Oct 17, 2014

Albania: Ride in a time capsule

Xsamil beach in Albania with Corfu island in the back.

A view of Saranda, Albania.

When the ferry departing Corfu island of Greece lands in Saranda, Albania one feels like riding in a time capsule. Indeed, the town and the promenade were a mixture of Beirut, Kusadası and Kumburgaz (a cheap summer house place in Istanbul) but back in the 1980s. Right across from Italy, and northwest of Greece, one wonders how Albania could remain what it is even today. Politics, as always, is the answer of course but for all the destitute feeling of the barren customs control and run down buildings of the communist era in Saranda, there is a certain naiveness in the air. It is not only the niceness of the people and the good Italian and Greek food for half the price or the barber shop or the barren cultural museum across the street. It is the feeling of being in the Balkans, and meeting Kosovars and Macedonians who have descended to Albanian riviera. Although the roads are full of cars with license plates from Italy and Germany, one quickly realizes those are the locals who migrated for a better life. There are few tourists who want to explore the last frontier in Europe.

Albanian goodies on the beach, Xsamil.

On the way to Lekursi Castle in Saranda shows
Albania in a nutshell: mushrooms and Mercedes.
In fact, Albania appears a much more multicultural country than one would think. There are Greek villages close to the border with Greece clearly identified with their Greek signs as such. Although its population is half Muslim, half Christian, the latter are of various dominations. However, given its totalitarian past, religion is hardly visible as evinced by the few places of worship. In Saranda, I could see one mosque, one church and one synagogue. In fact, on the road to Durres, over 200km, I specificially counted the number of mosques I saw. It was only 11. Religion was so supressed, in 1992 when communism fell, ten thousand people occupied the Ethem Bey mosque in Tirana and demanded that it be opened for worship. The mosque, built in 18th century by the Ottomans is today the symbol of religious freedom in Albania. It has really interesting murals, atypically Muslim art.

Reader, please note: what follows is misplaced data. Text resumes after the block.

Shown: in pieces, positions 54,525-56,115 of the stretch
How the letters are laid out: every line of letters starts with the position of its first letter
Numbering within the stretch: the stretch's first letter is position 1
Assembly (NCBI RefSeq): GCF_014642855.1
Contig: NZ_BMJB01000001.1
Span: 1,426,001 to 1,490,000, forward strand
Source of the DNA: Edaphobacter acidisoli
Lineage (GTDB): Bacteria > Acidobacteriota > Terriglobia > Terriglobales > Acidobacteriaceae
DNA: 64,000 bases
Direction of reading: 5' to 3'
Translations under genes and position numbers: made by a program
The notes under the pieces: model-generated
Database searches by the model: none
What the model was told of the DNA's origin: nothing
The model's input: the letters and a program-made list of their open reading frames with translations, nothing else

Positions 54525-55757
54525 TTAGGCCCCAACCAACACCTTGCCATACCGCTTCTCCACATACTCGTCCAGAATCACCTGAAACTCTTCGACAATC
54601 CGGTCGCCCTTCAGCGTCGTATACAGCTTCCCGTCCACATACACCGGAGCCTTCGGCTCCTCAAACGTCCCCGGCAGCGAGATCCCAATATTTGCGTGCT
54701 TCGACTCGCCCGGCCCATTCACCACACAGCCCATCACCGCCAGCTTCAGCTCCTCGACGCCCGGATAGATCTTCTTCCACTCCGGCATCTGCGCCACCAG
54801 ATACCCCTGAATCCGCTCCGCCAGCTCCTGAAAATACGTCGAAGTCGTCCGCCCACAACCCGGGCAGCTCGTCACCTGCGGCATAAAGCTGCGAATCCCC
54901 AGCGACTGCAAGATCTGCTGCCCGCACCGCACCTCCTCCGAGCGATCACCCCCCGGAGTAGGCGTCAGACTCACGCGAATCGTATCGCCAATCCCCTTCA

Blue Eye, Albania.

View from Skanderbeg Square
in Tirana with the Opera House in the back.

If you want to see Saranda to the full extent, a 2-3 days stay is a must. So is a car. You can spend a day on the long stretch of Xsamili beach but beware that if on a weekend, it may be very crowded. Apparently the most virgin beaches of Europe are around Lukova -28 km from Saranda- with some places only accessible by sea but we did not have time to do that. A visit to the Blue Eye -a natural deep spring water that looks like an eye- is a must. At sunset, go up the Lekursi Castle and enjoy the view with a beer and possibly dinner. If you have time you should also visit the ancient city of Butrint and Gjirokaster (50 km from Saranda) which is a small Ottoman village with a beautiful castle on top. We just saw it from a distance on our way to Tirana.

Ethem Bey mosque in Tirana, Albania.

The interior of the Ethem Bey mosque has these interesting murals
given the representation ban in Islam.
As soon as you go out of Saranda, one is surrounded by a feeling of wilderness. Albania is empty and virgin territory ready to be explored by nature lovers and nothing attests to that than the road to Tirana. The road is curvy, dotted at times with mushrooms, the bunkers that were built by Enver Hoxha. Once in Tirana, visit the Skanderberg Square and especially the Ethem Bey mosque and take a walk around the artificial lake. You'd be surprised by the number of people jogging, walking and chatting. And on the way back, make sure you stroll and go into one of the club/bars in Blloku. It's where the young and the beautiful party at night. Over all, my three days in Albania gave me only a flavor of the country and made me think again how much we don't know our neighbors or the Balkans.

Sunset at the Tirana park's artificial lake, Albania.